So those are the two things we can tell you that, again, don’t address directly the information campaign taking out – simply to say that along with the digital age, along with the transfer of data, you’ve seen, I think, Xi Jinping really come to understand discourse power.  And I know in – and this is not related to our paper, but I can chat with you offline – you have my email there, john@pacforum – that he views, like technology and the digital area, as sort of – this as a competition that China has to win.  And so the party has to be in control of the mechanisms of information, including the Chinese state media.  So again, you look at the five papers that all suddenly published the same article two days ago.   

How it relates to Africa, of course, is that Africa is viewed strategically by the PRC as a market for its digital infrastructure and for its standards.  It’s had a very tough going with U.S., obviously, because of the strategic competition.  But even with Europe, it’s struggled to export a lot of its standards because of the closeness – (a) the closeness of the U.S. to Europe, but (b) also the values that it’s trying to push into these standards and technologies, which Europeans, generally speaking, are against. 

So I hope that’s helped a little bit answer. 

MODERATOR:  Thanks for the question, Pearl.  Dave, did you have anything to add to that? 

MR DORMAN:  That’s a really important question.  So Digital China is a top-level strategy, as John mentioned.  And what it looks at, at this point – this is a program in execution across government.  And the two issues that you bring up are actually in discussion now among party members, in party schools, and in party journals.  And they break them down this way.  

So as China begins to actually implement this program and find ways to organize a system of data management – and that includes data management of the media – they’re asking themselves, and it’s in discussion now, how do we transfer the Digital China program to our international presence in what they refer to as publicity or propaganda?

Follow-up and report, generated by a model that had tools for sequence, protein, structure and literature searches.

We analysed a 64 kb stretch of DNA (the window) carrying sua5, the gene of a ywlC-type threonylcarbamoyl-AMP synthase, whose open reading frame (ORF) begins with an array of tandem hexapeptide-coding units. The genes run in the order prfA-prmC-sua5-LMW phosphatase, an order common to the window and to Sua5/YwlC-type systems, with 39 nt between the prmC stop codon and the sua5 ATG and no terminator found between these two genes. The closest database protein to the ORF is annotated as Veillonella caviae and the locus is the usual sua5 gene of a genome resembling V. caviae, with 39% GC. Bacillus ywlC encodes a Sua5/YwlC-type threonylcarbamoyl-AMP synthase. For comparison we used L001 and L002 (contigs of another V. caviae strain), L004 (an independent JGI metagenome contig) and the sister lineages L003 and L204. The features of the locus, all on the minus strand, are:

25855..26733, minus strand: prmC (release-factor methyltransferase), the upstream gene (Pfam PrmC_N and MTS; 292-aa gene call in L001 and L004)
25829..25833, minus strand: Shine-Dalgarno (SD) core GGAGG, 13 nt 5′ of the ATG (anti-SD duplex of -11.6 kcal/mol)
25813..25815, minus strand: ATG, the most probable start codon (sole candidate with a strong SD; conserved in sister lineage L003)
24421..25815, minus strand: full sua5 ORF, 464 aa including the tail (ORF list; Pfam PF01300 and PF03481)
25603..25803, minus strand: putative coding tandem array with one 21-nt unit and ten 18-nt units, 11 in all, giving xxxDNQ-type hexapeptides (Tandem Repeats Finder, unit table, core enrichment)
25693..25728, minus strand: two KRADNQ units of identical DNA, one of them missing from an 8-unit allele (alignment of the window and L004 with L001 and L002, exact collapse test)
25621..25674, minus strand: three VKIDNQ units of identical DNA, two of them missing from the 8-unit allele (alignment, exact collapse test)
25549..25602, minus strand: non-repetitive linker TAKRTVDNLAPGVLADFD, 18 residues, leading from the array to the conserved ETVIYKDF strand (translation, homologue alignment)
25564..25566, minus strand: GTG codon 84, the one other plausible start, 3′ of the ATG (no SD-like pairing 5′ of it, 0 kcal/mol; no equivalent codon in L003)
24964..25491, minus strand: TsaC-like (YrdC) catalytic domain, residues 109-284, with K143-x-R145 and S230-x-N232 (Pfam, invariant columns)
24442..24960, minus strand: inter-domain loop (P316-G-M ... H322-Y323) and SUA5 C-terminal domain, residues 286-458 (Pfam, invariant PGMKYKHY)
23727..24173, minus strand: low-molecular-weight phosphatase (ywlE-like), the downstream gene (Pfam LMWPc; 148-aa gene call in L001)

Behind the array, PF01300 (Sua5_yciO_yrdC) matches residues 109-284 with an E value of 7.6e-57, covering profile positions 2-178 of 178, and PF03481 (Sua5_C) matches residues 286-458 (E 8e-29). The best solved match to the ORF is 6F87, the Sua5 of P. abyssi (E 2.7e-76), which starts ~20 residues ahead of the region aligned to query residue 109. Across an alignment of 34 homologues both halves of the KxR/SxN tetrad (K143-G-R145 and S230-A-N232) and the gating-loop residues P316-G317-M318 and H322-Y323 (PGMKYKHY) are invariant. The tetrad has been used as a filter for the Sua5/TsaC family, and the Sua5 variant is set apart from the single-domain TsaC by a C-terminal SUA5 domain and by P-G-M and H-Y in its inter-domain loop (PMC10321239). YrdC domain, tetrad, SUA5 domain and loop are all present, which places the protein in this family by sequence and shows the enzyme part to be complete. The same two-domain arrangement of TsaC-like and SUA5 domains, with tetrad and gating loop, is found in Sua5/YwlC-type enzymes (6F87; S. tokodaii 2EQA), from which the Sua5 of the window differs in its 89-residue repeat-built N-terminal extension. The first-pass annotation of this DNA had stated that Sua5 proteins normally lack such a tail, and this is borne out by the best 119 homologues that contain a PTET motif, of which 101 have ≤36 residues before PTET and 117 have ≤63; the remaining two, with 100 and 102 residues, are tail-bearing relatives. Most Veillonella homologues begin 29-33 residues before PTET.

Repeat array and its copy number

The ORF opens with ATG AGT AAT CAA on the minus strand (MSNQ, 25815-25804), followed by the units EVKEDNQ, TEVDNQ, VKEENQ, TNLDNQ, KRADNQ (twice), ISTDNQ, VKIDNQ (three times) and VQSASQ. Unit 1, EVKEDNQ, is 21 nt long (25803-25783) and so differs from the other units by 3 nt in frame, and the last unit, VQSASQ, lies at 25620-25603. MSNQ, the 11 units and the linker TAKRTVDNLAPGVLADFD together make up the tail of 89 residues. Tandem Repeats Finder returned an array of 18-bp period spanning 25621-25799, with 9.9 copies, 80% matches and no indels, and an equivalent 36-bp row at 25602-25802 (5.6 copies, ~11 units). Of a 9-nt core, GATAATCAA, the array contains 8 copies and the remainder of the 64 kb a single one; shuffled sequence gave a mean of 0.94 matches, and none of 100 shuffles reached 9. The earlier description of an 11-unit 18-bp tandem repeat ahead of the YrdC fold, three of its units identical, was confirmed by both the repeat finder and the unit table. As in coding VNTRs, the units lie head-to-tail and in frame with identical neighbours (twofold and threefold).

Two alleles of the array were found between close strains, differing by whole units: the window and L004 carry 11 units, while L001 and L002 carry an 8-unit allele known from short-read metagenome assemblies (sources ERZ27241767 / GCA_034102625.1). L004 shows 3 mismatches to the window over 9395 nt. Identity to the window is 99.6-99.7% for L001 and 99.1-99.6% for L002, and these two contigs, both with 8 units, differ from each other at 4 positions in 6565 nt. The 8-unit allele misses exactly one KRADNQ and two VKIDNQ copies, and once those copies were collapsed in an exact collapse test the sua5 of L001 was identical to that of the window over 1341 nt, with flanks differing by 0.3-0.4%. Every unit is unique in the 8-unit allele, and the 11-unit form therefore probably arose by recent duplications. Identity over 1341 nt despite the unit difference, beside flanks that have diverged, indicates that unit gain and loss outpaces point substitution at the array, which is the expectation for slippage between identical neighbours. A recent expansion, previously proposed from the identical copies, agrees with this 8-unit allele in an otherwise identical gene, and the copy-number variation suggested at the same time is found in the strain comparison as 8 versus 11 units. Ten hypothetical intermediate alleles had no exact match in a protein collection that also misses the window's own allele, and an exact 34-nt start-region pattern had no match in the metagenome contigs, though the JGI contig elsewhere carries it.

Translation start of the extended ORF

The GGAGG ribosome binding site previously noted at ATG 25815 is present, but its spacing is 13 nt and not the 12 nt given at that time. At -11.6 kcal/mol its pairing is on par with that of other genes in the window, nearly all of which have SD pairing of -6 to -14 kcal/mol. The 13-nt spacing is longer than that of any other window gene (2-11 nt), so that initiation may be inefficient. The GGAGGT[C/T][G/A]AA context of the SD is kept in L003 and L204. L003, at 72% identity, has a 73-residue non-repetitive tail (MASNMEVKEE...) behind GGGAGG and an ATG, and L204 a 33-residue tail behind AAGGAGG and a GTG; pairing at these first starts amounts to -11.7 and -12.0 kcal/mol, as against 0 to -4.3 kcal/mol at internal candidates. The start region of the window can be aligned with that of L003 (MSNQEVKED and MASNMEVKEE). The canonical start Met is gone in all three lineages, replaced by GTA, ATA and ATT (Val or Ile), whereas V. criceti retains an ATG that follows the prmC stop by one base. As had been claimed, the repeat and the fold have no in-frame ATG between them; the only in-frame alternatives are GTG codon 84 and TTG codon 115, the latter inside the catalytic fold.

That is in discussion now.  That will be a future paper.  It’s not something that’s been implemented.  It’s under consideration as the technology is being introduced.  So one of the reasons we felt so strongly about getting these papers written is that this is a rare opportunity to understand the programs as they’re being implemented, before they are implemented, where we can ask questions and engage with our colleagues in China to ask, what is the intent?  What is happening here? 

So regarding your question on the media aspect, Digital China is not a propaganda or a publicity or a media program.  Digital China is a program designed to transform the nature of Chinese society, and starting in the last two months, that includes how they look at publicity and propaganda both domestically and internationally.  That is in discussion currently.  

The second question you bring up is how does this impact Africa?  There’s a tendency, when people bring up Digital China, to talk only about the technologies that are being developed.  That is not the top-level design.  The top-level design is this, that with Xi Jinping’s theoretical insight, China can be digitally transformed as it modernizes and will create a socialist, modernized society that provides an alternative worldwide to capitalism, a superior model.